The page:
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Referees Wary of Centennial : Prep sports: Several dozen have apparently refused or expressed concern over assignments after punching incident.

TIMES STAFF WRITER

Several dozen high school football and basketball officials who work games in the South Bay have expressed concern about or refused to accept assignments that involve Compton Centennial High, whose football team is in the midst of a controversy stemming from a referee-slugging incident at Beverly Hills on Oct. 20.

Ken Wilson, head of the South Bay Officials Unit, said most of the officials assigned to Centennial football games for the rest of the season have asked out of their duties. But he said he has persuaded them to accept their assignments.

“I have strongly discouraged them from backing out because it would unfairly punish the kids,” Wilson said. “They’ve accepted that, but many are not happy about it.”

Basketball is another matter, however. Wilson said he is having difficulty putting together assignments for the coming season because so many officials have refused to work Compton Centennial games.

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He added that at least five African American officials were among those expressing concerns.

The concern began after Centennial player Kumasi Simmons punched referee Ken Smotrys during the second half of the game at Beverly Hills Oct. 20. Leo Terrell, Simmons’ attorney, said his client was provoked when Smotrys uttered a racial epithet at him.

Another Centennial player, Vincent Brooks, claims Smotrys pushed him down and used a racial epithet with him during the same game.

Smotrys has denied all allegations. He and Simmons were arrested and charged with simple battery. Charges have been dropped against Smotrys. Simmons, 16, is to appear before a Beverly Hills police investigator Tuesday.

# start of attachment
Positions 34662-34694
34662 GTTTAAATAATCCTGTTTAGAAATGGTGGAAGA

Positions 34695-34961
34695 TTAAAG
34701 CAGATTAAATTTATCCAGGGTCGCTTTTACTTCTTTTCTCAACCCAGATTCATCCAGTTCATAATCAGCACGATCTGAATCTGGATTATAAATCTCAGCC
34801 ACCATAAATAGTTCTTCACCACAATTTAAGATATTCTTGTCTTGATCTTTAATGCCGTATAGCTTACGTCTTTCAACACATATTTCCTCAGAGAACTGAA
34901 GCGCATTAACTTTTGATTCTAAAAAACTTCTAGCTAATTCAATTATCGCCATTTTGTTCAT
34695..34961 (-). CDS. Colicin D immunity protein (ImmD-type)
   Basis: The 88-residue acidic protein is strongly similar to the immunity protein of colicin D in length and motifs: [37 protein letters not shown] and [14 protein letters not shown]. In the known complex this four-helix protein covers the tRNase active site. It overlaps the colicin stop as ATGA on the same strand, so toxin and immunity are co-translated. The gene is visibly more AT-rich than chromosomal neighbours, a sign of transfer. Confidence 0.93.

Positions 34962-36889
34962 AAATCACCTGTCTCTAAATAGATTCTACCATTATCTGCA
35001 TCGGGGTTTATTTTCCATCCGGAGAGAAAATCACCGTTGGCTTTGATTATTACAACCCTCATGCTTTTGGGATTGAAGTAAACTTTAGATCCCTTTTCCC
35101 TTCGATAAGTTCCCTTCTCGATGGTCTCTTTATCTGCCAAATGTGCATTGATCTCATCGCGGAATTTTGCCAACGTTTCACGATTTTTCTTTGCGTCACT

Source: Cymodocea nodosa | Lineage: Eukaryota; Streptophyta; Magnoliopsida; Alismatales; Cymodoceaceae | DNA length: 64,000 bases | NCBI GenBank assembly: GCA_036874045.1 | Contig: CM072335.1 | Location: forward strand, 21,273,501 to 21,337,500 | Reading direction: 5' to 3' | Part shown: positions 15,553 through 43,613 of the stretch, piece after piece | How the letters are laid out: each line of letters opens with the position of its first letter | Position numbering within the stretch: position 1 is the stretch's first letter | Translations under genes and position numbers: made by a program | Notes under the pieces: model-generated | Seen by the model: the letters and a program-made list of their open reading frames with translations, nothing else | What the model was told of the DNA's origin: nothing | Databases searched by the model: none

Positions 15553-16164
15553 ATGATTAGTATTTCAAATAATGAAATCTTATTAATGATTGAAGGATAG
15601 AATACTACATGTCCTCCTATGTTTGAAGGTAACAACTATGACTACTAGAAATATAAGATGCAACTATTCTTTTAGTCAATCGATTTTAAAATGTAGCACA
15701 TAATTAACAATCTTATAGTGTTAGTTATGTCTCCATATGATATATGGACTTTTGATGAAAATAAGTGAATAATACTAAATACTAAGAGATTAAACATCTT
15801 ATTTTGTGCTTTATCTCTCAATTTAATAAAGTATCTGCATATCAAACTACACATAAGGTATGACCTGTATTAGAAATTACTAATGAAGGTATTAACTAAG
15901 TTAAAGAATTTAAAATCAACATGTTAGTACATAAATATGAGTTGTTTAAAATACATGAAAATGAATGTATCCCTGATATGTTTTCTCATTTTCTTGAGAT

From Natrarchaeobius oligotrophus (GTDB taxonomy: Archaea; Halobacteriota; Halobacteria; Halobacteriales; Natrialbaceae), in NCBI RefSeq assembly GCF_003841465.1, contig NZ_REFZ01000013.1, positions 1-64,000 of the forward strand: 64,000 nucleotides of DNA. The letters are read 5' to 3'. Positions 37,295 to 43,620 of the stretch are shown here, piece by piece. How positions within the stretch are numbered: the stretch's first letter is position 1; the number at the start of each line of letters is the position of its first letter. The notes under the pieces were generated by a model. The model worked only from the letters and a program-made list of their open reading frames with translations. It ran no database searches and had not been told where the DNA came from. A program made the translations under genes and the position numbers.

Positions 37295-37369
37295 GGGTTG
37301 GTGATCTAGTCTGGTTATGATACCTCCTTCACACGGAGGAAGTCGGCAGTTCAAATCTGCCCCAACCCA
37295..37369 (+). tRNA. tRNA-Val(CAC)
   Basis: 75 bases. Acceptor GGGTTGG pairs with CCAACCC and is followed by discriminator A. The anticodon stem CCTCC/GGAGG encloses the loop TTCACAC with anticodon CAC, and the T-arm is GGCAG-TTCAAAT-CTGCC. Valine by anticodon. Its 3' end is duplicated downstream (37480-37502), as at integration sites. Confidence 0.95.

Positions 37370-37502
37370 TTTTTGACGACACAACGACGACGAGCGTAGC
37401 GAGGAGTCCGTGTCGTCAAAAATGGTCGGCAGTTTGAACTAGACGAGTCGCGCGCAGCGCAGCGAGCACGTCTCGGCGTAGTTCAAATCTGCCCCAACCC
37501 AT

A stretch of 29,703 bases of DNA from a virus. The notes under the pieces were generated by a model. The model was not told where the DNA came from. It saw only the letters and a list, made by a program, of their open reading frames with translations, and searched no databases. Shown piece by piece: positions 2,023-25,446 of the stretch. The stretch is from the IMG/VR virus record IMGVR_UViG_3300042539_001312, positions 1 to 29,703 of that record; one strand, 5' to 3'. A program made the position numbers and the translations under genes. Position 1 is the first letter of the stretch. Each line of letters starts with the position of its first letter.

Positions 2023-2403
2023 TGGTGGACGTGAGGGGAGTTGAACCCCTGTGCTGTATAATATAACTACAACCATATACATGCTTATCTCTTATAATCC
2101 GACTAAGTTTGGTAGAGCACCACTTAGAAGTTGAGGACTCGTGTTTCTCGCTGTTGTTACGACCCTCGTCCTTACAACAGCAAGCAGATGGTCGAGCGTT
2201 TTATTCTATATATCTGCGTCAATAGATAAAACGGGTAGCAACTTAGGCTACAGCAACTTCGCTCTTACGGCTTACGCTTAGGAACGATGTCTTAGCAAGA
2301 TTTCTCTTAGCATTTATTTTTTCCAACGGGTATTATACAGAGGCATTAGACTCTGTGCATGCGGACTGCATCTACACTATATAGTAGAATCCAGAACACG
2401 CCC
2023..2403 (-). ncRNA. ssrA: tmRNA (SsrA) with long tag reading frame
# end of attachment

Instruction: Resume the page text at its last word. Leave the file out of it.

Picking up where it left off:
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A review of the incident was stepped up Tuesday when the CIF hired a private investigation firm headquartered in Burbank. Matt McGee is heading the investigation and will be assisted by Fred Horel, a retired police officer from Northern California.

McGee, 29, said the sole purpose of the investigation is to determine if Smotrys used racial epithets. He interviewed Smotrys for an hour Wednesday morning and plans to interview players and coaches from both schools within the next week.

On Tuesday, Terrell released statements from several Centennial players he would not name that he said helped corroborate his client’s claim.

McGee has read those statements and said he hopes to talk to all of those players. He also plans to interview Simmons, who was terminated by the Compton Unified School District on Monday for being improperly enrolled at Centennial. Simmons re-enrolled at Ayala High in Chino Hills on Tuesday. He attended Ayala for three years before transferring to Centennial in September.

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Ayala officials said Simmons, a senior, was told he will not be eligible for athletics for the rest of the school year. Under CIF rules, any athlete who hits an official loses all eligibility for at least 18 months.

Centennial (2-6) is expected to forfeit victories over Compton and El Segundo because Simmons played in both games.


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